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From the Executive Director: What Can We Say?

By October 20, 2023October 26th, 2023No Comments

David Inoue

JACL has had a policy of nonengagement on international issues, particularly issues pertaining to Japan and Israel. The former likely derives from our history and desire to largely delineate the difference between us as Japanese Americans versus Japanese citizens. For some who are fourth or fifth generation, their connection to Japan is likely less than that to Mexico or Canada. And for some, the scars of incarceration have led to even a distancing from Japan.

The latter, as we have seen throughout the past 75 years of history and especially today, can be one subject to polarization and misinterpretation of intent or meaning from one’s words, which I am sure as I delve into this, will likely happen with what I write here as my own personal opinion and not speaking for JACL. I do hope it gives some perspective as to how I see this issue and how I hope we can have constructive conversation about it. I also offer the caveat that this one column is not enough to go into the complexities of the issues and the politics of the region, which I hope everyone is taking the time to better understand on their own.

In our recent statement in response to the murder of Wadea Al-Fayoumi, we spoke out on the domestic hate crime against an innocent 6-year-old as a result of enflamed rhetoric from the Israel-Palestine conflict. Unfortunately, many were left wanting for more, whether a stronger show of support for Israel and condemnation of Hamas, or calling attention to the plight of the Palestinian people both in their daily existence or made much worse under the barrage of Israel’s retaliatory attacks.

First, I begin with the existence of Israel as a nation in modern times, in fact only for the past 75 years since they declared their independence. Obviously, it hearkens back to thousands of years ago when the Jewish people occupied the same region before various ruling empires and other groups taking over led to the Jewish diaspora. Any Israeli will also be quick to point out that Jews never left the area, they were simply in the minority for those many years. And, of course, there is the role the Holocaust played in hastening the desire of much of the world to re-establish a Jewish homeland.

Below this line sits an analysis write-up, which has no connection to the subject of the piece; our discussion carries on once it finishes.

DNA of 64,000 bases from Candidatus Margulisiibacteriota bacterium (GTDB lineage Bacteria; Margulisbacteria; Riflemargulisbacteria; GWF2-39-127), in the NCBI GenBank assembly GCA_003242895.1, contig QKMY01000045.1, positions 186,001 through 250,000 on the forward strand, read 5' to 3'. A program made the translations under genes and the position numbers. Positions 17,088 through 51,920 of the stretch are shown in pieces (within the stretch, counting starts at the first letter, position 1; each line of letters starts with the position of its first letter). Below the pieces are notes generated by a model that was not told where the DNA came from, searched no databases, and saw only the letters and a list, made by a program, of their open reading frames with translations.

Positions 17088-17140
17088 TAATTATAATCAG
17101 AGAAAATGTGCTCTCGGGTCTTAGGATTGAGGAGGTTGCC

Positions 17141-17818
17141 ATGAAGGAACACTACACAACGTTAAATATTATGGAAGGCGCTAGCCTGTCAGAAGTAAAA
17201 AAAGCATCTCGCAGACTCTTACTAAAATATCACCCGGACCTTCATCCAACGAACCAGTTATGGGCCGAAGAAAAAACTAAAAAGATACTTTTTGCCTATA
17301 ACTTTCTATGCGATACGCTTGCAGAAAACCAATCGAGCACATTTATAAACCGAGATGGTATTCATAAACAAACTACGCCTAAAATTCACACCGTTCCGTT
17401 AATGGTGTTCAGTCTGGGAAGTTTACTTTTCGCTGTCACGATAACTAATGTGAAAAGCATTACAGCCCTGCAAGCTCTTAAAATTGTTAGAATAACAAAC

For Israelis, they view themselves as the rightful inhabitants of the land from a claim thousands of years old. They are just as much indigenous to the land as the Palestinians, who are the most recent residents for the past few centuries.

For Palestinians, they were obviously forced from their land in what is known widely as Nakba and segregated in the regions of the Gaza strip and the Western Bank or in another diaspora, scattered across other nations that would accept them, though that has been relatively limited, especially here in the United States. And there are those who remained in Israel, just as the Jews had previously remained.

The result with the occupied territories of Gaza and the Western Bank is what Amnesty International and others accurately describe as an apartheid system. They remain a people without a country, unable to claim Israeli citizenship, and no Palestinian state to claim as theirs. All resources in the occupied territories remain under Israeli control and can be leveraged against the residents, as is being done now with electricity and water access cut off for residents of Gaza. The devastation experienced by the Gaza strip since Oct. 7 is overwhelming and nothing less than a humanitarian disaster.

Despite talk of aspirations for a two-state solution, Israeli settlers have continued to move into the occupied territories of the Western Bank. The Israeli government now engages in actively defending and protecting these lands as Israeli, and the likelihood of them being returned grows less the longer Israeli settlers remain. These encroachments leave little hope for Palestinians that the occupied territories will be returned to the Palestinian people, certainly not with the previously presumed borders.

So, where does this leave us, both as Americans and for those of us in the JACL? What can we say? What should we say?

We need an end to the violence now. Calling for peace and a cease fire is a matter of humanity, regardless of whether it is an international or domestic issue. We can and should affirm the right for both an Israeli and Palestinian nation state with each having the right of self-determination. This does mean Israel has the right to defend itself, but within the constricts of proportionality and not to violate human rights or international law. Palestinians must have their own country, period.

While we may be supportive of one or even both sides, we also need to be critical when necessary. The attack by Hamas was brutal, but Israel’s response has far exceeded the deaths, injury and destruction of property.

Most of all, we need to have these conversations about what the vision for Israel and Palestine might be. For too long, we have ignored this issue as a country, and both people are paying the price. Even if JACL remains focused on domestic issues, we see that the impact of what is happening in Israel and Palestine ultimately does impact us here. The death of Wadea Al-Fayoumi was unnecessary, as are the thousands of deaths in the Middle East.

David Inoue is executive director of the JACL. He is based in the organization’s Washington, D.C., office.